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Intel outs an Android SDK x86 system image with Google API support

Supports Android 4.4 Kitkat
Fri Mar 07 2014, 13:00
Intel Avoton Atom C2000 processor

CHIPMAKER Intel has shipped an Android software development kit (SDK) x86 system image with Google API support for devices powered by its Atom mobile chip.

Intel Atom x86 system images for the Android SDK emulator have been available to users for a while, but many have been frustrated that the system image didn't include access to any of the Google application programming interfaces (APIs).

The good news is that Intel and Google have worked together to release an x86 system image for the Android SDK that includes the Google APIs, supporting API 19/Android 4.4.2 Kitkat.

"That means you can now test your apps that use Google APIs on an x86 virtual device image, and take advantage of the huge hardware acceleration speed boost you get from our HAXM driver if your development system has Intel VT virtualization technology," Intel said in a post on its Developer Zone blog.

To get the x86 system image with Google APIs, open up the Android SDK Manager window in Eclipse, Go to the "Android 4.4.2/API 19" section, and install both the "Intel x86 Atom System Image" and the "Google APIs (x86 System Image)".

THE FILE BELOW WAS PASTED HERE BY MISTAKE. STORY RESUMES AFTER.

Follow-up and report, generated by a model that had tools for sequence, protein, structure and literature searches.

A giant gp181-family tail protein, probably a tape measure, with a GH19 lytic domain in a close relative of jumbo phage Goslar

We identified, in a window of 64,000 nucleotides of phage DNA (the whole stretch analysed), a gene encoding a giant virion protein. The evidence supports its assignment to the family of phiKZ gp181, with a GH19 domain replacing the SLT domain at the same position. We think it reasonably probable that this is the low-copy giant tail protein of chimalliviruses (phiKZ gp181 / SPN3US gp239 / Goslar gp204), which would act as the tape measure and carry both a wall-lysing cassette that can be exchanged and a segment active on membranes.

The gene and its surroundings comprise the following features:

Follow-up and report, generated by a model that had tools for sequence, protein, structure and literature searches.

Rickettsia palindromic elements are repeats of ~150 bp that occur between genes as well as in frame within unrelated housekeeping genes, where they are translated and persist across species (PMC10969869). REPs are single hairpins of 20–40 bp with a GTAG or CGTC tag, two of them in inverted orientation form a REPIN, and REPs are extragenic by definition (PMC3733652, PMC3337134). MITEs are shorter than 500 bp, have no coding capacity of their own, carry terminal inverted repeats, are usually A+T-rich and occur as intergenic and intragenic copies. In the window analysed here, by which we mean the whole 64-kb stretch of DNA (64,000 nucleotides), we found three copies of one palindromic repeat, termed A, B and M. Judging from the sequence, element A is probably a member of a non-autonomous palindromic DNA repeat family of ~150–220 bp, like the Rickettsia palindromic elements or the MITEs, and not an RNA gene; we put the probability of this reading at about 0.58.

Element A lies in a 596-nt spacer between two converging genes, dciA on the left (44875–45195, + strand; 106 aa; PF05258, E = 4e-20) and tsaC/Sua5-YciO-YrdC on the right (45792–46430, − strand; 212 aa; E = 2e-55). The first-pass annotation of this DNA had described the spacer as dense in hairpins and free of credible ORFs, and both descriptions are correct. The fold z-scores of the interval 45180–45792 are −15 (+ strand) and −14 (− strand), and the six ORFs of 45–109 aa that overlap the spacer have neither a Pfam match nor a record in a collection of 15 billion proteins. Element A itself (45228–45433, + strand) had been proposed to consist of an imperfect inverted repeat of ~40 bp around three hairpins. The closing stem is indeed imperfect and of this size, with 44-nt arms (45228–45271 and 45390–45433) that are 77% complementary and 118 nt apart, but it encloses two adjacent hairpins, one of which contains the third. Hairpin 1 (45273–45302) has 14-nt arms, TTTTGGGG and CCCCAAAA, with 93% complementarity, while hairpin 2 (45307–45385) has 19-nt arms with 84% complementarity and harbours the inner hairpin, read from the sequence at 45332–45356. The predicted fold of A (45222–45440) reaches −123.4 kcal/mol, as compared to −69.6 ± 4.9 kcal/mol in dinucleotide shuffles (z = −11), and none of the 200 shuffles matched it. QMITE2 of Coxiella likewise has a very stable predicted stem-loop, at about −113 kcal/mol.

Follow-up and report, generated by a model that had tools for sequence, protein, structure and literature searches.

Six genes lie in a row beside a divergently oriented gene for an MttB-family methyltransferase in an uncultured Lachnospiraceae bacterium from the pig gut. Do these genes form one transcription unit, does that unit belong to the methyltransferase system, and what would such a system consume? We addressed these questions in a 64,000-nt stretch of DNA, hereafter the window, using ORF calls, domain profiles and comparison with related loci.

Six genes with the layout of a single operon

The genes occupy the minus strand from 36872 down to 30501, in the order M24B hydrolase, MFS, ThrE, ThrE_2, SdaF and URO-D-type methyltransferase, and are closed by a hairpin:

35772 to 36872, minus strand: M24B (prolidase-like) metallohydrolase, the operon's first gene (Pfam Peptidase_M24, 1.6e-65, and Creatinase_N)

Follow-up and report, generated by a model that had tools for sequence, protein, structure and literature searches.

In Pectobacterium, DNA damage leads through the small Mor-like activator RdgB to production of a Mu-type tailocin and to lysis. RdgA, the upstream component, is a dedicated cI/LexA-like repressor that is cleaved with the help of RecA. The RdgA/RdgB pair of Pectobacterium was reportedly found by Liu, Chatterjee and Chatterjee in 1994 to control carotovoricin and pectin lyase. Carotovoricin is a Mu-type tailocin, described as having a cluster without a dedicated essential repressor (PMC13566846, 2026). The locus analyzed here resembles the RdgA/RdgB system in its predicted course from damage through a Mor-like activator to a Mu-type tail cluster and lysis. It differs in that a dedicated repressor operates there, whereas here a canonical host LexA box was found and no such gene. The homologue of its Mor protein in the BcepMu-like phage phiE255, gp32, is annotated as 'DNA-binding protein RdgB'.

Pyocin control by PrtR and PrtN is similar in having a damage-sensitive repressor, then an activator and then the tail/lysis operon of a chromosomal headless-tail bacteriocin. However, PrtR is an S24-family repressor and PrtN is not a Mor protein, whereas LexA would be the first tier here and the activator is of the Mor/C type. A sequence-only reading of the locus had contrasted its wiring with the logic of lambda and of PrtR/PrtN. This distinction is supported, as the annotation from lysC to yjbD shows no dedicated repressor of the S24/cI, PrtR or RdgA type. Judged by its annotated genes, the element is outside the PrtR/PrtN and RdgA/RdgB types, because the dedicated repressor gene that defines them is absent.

Once the new system image is installed, Intel said that you need to create a new Android Virtual Device (AVD) for the emulator to use.

"If you're not already using it, you're going to want to get our Hardware Accelerated Execution Manager (HAXM) tool, which can drastically speed up the emulator in the Android SDK," Intel said. HAXM is a hardware-assisted virtualisation engine that uses Intel Virtualisation Technology (VT) to speed up Android app emulation on a host machine.

"In combination with Android x86 emulator images provided by Intel and the official Android SDK Manager, HAXM allows for faster Android emulation on Intel VT enabled systems," the chipmaker added.

"If you're developing on a machine with an Intel CPU that has VT and you have installed HAXM, you'll know it's working if you see the following when you start your Android Virtual Device."

Intel's growth into the Android ecosystem hasn't been the smoothest, as the number of high-end and mid-range smartphones equipped with an Atom CPU still rather small, leaving much to be desired in terms of available x86 architecture devices for app developers.

Intel's emulator images have also lacked support for the Google APIs, meaning developers haven't been able to test common apps or features such as Google Maps, so the arrival of the Google APIs will certainly be welcome. µ

 

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